how much do I owe you? | a short story

“Remember the time when I let you drink directly from my water bottle? You only had to ask once. And you were beyond thirsty. Remember that? I don’t offer that to just anybody. So, I’m a bit irritated that you make me ask you for your help now. I mean, you can clearly see that I need your support and you’re not even thinking about offering me a helping hand. That’s just… I don’t know what to say. You must feel quite bad about yourself. Treating me like this. A friend who is always there for you. I will remind you of this incident next time when you need me. If I will even be there with you, who knows, maybe not if this is what you call a friendship.”

Georgia stared at Lottie who didn’t dare to look her in the eyes and hid her gaze in a little stain on Georgia’s trousers because it seemed to be the only part of her friend that didn’t reveal how angry she was.

“It hurts, Georgia.”

“Don’t take my name into your mouth right now. What hurts?”

Georgia grinned, but her unflinching eyes burned a hole into Lottie’s stomach. She still couldn’t face her, mumbling towards the stain.

“It still hurts from last time. My mother-”

“Your mother has got nothing to do with this, do you understand me? She doesn’t matter to me. She plays no part in this whatsoever. Am I your mother’s best friend, no, I am not. Your mother doesn’t constantly need my help either. Unlike you, she doesn’t owe me anything. You have to repay my kindness. You deal with her. Not me. Get it?”

Georgia lifted Lottie’s chin, which made her jaw crack, and put her lips towards her ears. Lottie held her breath and thought about how fast she could run, places where she couldn’t be found, a world that was unknown to everyone in her life, changing her name, cutting her hair, stopping to sound like herself, walk like herself, exist as herself, and she found that soundproof vacuum within her body and disappeared behind her eyes and functioned the way Georgia wanted her to.

“I’m going to take out my knife.”

Georgia’s tongue whispered in Lottie’s ear. Lottie’s body cut Georgia’s words into as many pieces as possible to minimise the incessant sting they caused. Lottie’s body was barely breathing because she didn’t want to upset her friend even further.

“Now, if you would have bothered to ask about my needs, you would know that I require two pieces of you today. And, as you well know, unfortunately I am not a giver, I can only receive, so this is on you. You know everything that I do for you. We must be dutiful. I will cut off some skin below your throat, you know where you have this unique pattern of freckles, I overheard Jonathan saying that he finds them attractive and you know how much I like him, so, yeah, they’ll suit me better anyhow. I’ll take the tattoo on your back as well to cover up a bruise that just won’t heal. I mean, it’s not what I would have gotten, but at least I can have a tattoo without the pain. Shouldn’t take too long, you know how quickly my skin absorbs yours. I hope you brought your own plasters this time. I can’t be responsible for everything.”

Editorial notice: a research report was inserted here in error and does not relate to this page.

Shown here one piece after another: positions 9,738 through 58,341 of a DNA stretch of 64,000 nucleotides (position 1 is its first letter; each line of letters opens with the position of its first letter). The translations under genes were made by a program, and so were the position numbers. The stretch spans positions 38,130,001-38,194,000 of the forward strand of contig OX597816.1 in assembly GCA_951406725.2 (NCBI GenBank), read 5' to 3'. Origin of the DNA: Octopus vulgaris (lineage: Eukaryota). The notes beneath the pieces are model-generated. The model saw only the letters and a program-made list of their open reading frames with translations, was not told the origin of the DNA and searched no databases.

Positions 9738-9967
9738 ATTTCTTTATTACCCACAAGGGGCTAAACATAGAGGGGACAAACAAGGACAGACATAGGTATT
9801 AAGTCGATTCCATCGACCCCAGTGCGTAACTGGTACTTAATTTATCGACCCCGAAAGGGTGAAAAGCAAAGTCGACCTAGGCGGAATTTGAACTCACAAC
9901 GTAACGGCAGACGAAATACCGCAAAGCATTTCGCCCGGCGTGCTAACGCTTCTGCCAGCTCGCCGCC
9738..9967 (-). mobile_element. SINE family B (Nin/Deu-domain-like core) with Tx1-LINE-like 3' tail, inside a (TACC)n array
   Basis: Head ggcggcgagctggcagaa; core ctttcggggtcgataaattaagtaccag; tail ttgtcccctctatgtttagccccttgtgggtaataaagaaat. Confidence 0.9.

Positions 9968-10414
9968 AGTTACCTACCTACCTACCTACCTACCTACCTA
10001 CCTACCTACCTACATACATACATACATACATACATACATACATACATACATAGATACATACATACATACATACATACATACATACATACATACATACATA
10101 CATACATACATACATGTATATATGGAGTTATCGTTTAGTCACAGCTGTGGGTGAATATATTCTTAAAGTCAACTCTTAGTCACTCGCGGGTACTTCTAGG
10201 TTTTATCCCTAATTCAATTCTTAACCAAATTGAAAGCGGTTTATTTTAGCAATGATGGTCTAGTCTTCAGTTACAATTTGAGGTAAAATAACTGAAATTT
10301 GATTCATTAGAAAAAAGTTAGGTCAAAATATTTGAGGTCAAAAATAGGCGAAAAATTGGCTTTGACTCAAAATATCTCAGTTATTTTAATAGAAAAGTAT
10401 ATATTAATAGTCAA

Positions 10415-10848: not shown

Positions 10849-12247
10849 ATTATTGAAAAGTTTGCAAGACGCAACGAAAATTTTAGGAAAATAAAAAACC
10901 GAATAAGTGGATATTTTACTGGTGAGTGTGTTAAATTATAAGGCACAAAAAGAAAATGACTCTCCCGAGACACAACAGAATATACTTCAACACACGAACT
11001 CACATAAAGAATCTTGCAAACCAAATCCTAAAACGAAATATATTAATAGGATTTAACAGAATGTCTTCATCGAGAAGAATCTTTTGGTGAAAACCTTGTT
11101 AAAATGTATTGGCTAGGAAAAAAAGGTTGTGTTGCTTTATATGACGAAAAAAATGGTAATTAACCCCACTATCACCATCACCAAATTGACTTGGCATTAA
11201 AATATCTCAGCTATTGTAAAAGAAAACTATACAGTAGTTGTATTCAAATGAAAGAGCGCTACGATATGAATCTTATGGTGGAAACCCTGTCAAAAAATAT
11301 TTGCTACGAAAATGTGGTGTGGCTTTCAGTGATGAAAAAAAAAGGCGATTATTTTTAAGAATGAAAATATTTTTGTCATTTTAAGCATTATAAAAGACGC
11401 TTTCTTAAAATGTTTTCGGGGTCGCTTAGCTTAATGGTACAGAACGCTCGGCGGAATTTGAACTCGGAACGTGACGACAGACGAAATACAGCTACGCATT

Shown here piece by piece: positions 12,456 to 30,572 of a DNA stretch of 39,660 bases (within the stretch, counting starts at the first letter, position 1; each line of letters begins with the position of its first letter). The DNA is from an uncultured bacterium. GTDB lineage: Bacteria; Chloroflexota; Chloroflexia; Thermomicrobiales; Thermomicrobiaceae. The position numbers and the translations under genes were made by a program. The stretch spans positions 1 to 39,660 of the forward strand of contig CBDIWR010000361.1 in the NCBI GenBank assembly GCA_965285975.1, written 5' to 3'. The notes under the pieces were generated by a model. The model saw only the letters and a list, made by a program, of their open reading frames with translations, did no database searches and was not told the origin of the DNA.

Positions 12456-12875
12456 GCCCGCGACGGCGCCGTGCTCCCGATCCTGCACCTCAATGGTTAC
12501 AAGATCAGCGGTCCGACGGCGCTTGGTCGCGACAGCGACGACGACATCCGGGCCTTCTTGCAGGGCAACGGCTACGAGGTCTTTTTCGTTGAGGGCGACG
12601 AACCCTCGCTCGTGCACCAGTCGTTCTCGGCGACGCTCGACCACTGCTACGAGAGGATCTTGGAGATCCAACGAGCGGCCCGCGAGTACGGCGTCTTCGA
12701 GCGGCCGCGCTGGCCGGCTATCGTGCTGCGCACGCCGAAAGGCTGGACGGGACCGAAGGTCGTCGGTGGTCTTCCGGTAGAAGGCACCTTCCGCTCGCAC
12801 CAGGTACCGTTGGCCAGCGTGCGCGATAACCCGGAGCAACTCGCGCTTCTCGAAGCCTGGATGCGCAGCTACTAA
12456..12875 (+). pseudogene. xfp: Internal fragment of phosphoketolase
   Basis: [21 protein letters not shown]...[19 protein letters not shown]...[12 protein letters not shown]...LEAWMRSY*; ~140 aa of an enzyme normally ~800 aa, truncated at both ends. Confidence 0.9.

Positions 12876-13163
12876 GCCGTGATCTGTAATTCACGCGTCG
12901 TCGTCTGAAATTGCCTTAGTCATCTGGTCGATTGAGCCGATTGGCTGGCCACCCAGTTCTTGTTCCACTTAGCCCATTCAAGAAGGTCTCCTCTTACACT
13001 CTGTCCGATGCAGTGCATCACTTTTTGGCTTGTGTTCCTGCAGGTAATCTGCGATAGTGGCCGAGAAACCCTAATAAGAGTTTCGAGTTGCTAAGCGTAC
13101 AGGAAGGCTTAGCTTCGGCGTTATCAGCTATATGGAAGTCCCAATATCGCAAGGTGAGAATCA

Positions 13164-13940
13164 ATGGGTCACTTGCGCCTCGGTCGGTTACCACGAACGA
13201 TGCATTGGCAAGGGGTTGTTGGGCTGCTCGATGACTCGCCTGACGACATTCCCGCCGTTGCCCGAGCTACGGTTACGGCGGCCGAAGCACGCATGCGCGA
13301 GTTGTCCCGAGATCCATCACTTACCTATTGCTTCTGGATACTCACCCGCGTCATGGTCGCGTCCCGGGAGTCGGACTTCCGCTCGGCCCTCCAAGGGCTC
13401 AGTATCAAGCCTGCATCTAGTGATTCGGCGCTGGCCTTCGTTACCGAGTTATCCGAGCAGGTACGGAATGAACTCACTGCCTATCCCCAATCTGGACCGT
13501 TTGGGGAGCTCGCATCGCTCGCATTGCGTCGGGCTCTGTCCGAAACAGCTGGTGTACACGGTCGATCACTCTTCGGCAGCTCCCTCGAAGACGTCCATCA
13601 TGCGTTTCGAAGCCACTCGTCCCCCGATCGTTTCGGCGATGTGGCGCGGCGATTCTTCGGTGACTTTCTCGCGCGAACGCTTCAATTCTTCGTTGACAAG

Georgia cut out the skin she requested, she did it slowly so that the pieces that she wanted remained intact and unblemished. She pushed the patches of Lottie’s skin on hers and rubbed them in until they melted into her, became one with her and looked as if they had never belonged to Lottie in the first place. But loss stuck with Lottie and her body. You could always see what Georgia had taken from her, what couldn’t even be remembered, the parts of her that would never be returned. Something had been there once, but nobody knew what it looked like, what she looked like. Lottie was raw and open and she stayed that way. A giver’s skin never heals, never comes back. There’s only so much to give until the receiver, or the taker, is in need of a new skin that suits them and how they want to be seen. Sometimes the giver remains unfinished and the wounds expand. When that happens, robbers tend to skin the rest.

“Clean yourself up. You’re disgusting.”

Georgia’s voice reverberated in Lottie’s body and she crawled back out of her space. She looked at her tattoo on Georgia’s back and the freckles she had given up or couldn’t hold on to. She felt their absence from her painful body. From the moment she was born, she had been told: you’re mine.

Georgia left in a hurry without patching things up between them. Lottie didn’t bother to clean her wounds or hide them and just let them bleed into her clothes as she stumbled through the streets pretending to go nowhere.

When she stood outside of her home in her stained clothes, her cell phone got one message after another. From Georgia.

“Just so you know, I just ran into Jonathan.”

“He hates it.”

“He said that it doesn’t look good on me!”

“What the hell were you thinking?”

“I always thought this tattoo was ugly.”

“Well done, you. Fucking useless.”

“I’ll loosen it out of my skin and sell it. I’ll get a lot of money for it, I’m sure.”

“At least I’ll keep your freckles for a few weeks or so.”

When Lottie looked up from her phone, she caught her father standing in the doorway, grinning at her, his face marked by her mother’s beauty spots.

“Now where is my little daughter?”

My own drawing © Laura Gentile 2022 | Instagram: croque_melpomene

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